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Civil Procedure Keyed to Friedenthal
Lasa Per L’Industria Del Marmo Societa Per Azioni v. Alexander
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- Topic: Identifies the topic of law and where this case fits within your course outline.
- Parties: Identifies the cast of characters involved in the case.
- Procedural Posture & History: Shares the case history with how lower courts have ruled on the matter.
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- The Case Brief is the complete case summarized and authored in the traditional Law School I.R.A.C. format. The Pro case brief includes:
- Brief Facts: A Synopsis of the Facts of the case.
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- Facts: What are the factual circumstances that gave rise to the civil or criminal case? What is the relationship of the Parties that are involved in the case. Review the Facts of this case here:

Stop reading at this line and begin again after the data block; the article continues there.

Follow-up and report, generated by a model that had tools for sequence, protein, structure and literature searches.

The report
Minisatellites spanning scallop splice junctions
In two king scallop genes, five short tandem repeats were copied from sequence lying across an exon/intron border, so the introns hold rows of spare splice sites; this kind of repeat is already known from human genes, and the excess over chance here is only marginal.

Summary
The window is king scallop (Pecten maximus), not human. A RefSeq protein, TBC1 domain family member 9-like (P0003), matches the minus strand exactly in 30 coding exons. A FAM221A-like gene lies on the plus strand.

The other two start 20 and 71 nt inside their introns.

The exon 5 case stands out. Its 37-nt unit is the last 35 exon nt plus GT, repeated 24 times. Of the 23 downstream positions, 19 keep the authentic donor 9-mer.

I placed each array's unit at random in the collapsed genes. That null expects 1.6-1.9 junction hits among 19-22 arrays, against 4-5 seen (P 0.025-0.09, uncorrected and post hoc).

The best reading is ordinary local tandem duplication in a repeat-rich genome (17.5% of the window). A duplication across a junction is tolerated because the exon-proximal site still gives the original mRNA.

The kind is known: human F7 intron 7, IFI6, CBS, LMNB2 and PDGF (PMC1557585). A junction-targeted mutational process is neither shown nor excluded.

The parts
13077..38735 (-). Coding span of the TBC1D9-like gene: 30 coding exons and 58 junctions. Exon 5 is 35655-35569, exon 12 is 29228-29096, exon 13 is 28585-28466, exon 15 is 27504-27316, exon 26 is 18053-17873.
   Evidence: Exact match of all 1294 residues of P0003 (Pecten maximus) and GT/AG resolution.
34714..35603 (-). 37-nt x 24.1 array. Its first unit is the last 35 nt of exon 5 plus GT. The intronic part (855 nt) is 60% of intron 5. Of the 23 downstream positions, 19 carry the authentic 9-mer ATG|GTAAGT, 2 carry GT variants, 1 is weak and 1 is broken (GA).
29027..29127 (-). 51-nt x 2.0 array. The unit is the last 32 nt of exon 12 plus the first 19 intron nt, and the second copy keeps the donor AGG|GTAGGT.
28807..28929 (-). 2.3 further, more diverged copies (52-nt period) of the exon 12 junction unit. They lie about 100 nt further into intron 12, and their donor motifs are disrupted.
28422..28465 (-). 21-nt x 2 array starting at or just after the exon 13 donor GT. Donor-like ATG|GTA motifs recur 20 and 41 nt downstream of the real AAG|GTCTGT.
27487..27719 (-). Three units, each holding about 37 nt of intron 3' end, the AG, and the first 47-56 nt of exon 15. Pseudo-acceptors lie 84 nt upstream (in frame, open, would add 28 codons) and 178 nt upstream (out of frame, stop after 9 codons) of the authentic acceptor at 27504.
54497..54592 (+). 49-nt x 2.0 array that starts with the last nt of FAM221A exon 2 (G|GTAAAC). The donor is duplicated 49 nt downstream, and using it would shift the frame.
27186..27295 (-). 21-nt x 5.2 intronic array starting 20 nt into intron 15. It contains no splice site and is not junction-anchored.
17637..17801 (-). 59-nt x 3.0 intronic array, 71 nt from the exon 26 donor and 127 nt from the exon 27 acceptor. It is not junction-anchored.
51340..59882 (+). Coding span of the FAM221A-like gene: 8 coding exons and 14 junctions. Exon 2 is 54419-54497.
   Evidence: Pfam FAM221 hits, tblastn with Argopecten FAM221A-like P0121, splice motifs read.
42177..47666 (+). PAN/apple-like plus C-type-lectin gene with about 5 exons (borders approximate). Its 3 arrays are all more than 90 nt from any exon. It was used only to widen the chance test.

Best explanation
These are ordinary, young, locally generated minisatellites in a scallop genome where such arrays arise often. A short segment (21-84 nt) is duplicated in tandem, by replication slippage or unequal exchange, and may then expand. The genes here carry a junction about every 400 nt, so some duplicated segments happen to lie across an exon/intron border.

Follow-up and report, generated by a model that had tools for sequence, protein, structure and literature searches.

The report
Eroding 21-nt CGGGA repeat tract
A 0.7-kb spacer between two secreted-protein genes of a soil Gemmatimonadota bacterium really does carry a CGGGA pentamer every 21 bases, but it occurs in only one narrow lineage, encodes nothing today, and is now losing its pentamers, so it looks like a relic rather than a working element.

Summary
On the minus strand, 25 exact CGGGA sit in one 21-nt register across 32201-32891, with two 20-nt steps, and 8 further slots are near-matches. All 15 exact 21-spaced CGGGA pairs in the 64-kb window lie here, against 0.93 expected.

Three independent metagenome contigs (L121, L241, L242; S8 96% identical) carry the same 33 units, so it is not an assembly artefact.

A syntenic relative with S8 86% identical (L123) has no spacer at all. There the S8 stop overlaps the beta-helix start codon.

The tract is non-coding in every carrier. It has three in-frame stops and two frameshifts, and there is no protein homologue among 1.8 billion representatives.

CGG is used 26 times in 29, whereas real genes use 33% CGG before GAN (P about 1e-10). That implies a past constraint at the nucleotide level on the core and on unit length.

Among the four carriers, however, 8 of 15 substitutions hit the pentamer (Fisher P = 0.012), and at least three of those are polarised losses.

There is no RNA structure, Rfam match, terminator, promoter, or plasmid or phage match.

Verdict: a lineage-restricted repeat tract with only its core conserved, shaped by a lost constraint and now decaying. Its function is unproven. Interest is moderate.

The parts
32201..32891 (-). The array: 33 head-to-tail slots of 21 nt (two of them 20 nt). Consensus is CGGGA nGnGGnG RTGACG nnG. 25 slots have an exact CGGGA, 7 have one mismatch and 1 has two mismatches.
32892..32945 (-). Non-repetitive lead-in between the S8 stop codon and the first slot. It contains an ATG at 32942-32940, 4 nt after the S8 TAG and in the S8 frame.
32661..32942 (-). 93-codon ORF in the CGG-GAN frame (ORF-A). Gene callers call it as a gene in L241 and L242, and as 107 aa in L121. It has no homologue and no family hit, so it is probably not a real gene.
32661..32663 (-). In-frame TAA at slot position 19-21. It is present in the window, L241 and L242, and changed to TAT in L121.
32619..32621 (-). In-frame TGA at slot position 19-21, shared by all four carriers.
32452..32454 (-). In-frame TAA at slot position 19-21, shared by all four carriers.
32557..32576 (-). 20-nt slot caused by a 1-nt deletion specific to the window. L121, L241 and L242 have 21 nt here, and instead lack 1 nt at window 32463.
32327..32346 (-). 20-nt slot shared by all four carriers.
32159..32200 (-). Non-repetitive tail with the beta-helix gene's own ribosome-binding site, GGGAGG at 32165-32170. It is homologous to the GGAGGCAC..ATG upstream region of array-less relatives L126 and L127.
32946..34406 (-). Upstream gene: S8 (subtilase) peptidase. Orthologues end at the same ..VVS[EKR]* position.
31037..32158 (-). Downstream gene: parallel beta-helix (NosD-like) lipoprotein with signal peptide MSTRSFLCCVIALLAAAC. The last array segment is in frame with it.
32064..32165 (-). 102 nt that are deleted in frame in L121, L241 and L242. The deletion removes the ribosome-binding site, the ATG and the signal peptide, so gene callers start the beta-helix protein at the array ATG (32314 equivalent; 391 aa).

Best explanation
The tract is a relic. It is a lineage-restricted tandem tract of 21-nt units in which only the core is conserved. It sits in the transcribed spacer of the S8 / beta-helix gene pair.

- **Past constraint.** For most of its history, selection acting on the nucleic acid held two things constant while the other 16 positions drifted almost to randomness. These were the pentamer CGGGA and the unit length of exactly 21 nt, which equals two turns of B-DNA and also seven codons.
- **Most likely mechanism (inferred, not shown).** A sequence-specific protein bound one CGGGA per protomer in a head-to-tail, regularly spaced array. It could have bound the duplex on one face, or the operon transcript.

Southern Builders (Defendant; “Southern”), a Tennessee corporation, was a general contractor and was hired by Memphis, Tennessee (Defendant) and secured a bond with Continental Casualty (Defendant; “Continental”) to build a new city hall. Southern subcontracted with Alexander Marble and Tile Co. (Defendant; “Alexander”), a partnership of Tennessee residents, and Marble International, Inc. (Defendant; “Marble”), a Texas corporation, to install marble in the new city hall. Alexander hired Plaintiff Lasa Per L’Industria Del Marmo Societa Per Azioni (“Lasa”), an Italian corporation, to supply materials. Plaintiff sued all Defendants for money owed on the contract. Alexander filed an answer and counterclaim, alleging that Plaintiff had breached the contract because of late delivery, substandard materials, and wrong contract price. Southern filed an answer and counterclaim, alleging failure to ship according to the contract and claimed damages. Alexander filed a cross claim against the other Defendants except Marble for money allegedly due on the contract. Southern and Continental filed answers and Southern filed a cross claim against Alexander for breach of contract. Alexander filed a third party complaint against A.L. Aydelott and Associates (Defendant; “A.L.”) and Aydelott (Defendant), the architect company and the architect individually, seeking actual and punitive damages under a Tennessee statute for inducement to breach the subcontract. Alexander sued Southern for actual and punitive damages. The District Court treated the third party complaint and the counterclaim by Southern against Alexander as cross claims. The District Court then dismissed the cross claim of Alexander v. Southern, Continental and Memphis and the cross claim of Southern v. Alexander and the third party complaint of Alexander v. A.L. and Aydelott. The District Court held, “the cross claims did not arise out of the same transaction or occurrence that is the subject matter of the original action or of a counterclaim therein.”
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